Location: Range Management ResearchTitle: Approaches for improving field soil identification Author
|Wills, Skye - Natural Resources Conservation Service (NRCS, USDA)|
|Herrick, Jeffrey - Jeff|
|Nauman, Travis - Us Geological Survey (USGS)|
|Brungard, Colby - New Mexico State University|
|Beaudette, Dylan - Natural Resources Conservation Service (NRCS, USDA)|
|O'green, Anthony - University Of California, Davis|
Submitted to: Soil Science Society of America Journal
Publication Type: Peer Reviewed Journal
Publication Acceptance Date: 3/2/2018
Publication Date: N/A
Interpretive Summary: Soil surveys can provide access to a virtual treasure trove of knowledge and information. Mobile apps such as SoilWeb and mySoil now allow anyone with access to a GPS-enabled mobile phone to determine which soil map unit (SMU) they are in. These tools, however, still require an understanding of soil survey and map unit concepts to correctly identify the soil series map unit component (SMUC). Therefore, individuals wishing to access soil information for a particular location most commonly assume that the dominant SMUC exists across the entire SMU (DC-based algorithm). The DC-based algorithm is simple and straightforward, but is often unreliable. Here, we developed two new algorithms using information from traditional soil maps based on 1) location alone (location-based algorithm), and 2) location together with soil properties that can be relatively easily determined with guidance provided through smart phone and other mobile platforms (observation-based algorithm). Our results showed that observation-based algorithms could significantly increase the reliability of SMUC identification by using a small set of easily-collected field data, suggesting that the observation-based algorithm be used whenever possible. However, if field observations of soil texture and slope are unavailable, the location-based algorithm may be useful to slightly improve predictions (relative to simply using the dominant SMUC) for locations where 1) they are close (< 15 m) to a boundary of a soil map unit polygon (SMUP) and 2) there are multiple possible components within the SMUP, although the performance of both the location- and DC-based algorithm were significantly lower and less satisfactory than that of the location-based algorithm. Providing these algorithms (especially the observation-based) through applications on mobile devices would improve the utility of soil survey information for non-soil scientists and trained professionals alike.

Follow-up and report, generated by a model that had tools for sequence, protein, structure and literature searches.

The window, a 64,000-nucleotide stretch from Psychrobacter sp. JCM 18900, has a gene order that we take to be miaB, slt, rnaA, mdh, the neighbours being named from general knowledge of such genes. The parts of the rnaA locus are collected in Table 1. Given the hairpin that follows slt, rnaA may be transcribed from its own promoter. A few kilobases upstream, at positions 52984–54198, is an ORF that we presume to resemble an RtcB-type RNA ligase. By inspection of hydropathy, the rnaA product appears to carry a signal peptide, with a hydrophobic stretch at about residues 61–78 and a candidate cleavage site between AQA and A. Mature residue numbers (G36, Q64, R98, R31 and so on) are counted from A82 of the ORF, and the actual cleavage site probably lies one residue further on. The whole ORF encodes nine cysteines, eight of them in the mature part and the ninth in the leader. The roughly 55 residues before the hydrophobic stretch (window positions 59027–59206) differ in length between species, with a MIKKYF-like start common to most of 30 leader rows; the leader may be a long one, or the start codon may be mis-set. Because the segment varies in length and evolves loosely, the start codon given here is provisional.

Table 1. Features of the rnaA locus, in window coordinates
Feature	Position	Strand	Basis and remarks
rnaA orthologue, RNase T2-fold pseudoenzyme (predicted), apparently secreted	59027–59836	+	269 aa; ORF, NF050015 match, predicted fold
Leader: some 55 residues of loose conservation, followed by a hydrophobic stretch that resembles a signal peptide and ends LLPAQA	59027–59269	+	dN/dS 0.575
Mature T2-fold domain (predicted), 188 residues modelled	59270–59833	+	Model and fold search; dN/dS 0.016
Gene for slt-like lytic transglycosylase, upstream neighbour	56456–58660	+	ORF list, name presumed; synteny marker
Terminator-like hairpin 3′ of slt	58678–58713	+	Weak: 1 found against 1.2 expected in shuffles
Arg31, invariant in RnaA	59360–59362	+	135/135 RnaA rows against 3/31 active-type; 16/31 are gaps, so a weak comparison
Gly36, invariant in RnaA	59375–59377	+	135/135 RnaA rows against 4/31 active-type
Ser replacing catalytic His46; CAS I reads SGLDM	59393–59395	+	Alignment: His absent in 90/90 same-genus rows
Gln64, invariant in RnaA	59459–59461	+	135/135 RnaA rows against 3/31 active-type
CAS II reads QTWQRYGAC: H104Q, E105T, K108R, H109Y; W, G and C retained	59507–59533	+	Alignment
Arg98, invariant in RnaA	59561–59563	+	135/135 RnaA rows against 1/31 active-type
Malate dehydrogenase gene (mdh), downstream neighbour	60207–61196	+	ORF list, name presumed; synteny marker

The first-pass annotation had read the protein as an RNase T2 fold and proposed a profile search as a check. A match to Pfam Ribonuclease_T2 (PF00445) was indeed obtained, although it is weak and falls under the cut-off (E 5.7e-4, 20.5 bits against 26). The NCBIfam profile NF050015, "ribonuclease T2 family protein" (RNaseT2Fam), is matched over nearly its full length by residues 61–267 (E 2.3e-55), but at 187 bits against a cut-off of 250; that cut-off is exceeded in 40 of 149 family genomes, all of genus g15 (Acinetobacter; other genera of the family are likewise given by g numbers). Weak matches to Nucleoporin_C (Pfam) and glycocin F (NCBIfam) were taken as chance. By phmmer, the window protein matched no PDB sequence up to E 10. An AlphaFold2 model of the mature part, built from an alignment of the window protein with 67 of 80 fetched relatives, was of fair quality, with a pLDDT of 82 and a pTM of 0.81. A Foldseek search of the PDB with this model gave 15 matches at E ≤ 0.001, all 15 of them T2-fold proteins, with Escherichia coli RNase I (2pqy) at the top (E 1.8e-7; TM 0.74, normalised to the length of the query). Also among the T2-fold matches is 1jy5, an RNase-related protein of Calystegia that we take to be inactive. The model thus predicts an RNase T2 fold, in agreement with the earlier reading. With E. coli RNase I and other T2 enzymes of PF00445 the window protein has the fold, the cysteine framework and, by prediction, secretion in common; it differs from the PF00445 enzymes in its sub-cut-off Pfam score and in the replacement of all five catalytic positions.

Technical Abstract: Use of soil survey information by non-soil scientists is often limited by their inability to 6 select the correct soil map unit component (COMP). Here, we developed two approaches that 7 can be deployed to smartphones for non-soil scientists to identify COMP using location alone, or 8 location together with easily observed field data (i.e., slope, depth to restrictive layer, and soil 9 texture by depth). In addition, we also compared the two newly developed approaches with a 10 traditional approach identifying COMP based on the dominant COMP (DC-based approach). All 11 three approaches were tested using the Rapid Assessment of U.S. Soil Carbon (RaCA) database 12 and the combined USDA-Natural Resources Conservation Service (NRCS) Soil Survey 13 Geographic database (SSURGO) and USDA-NRCS State Soil Geographic Database 14 (STATSGO2). Results indicated that the observation-based approach performed significantly 15 better than the other two approaches, suggesting that a small set of easy-to-measure site-specific 16 observations could significantly improve the COMP identification. Location- and DC-based 17 approaches, overall, had similar low performance. However, the location-based approach slightly 18 improved identifications over the DC-based approach for cases where 1) there were multiple 19 possible components within the soil map unit and 2) components were located in close proximity 20 to a boundary of a different soil map unit polygon (SMUP). The benefit of using the location- based approach may be greater in specific soil survey areas where topography 21 was the major 22 factor leading to the creation of the map unit legend.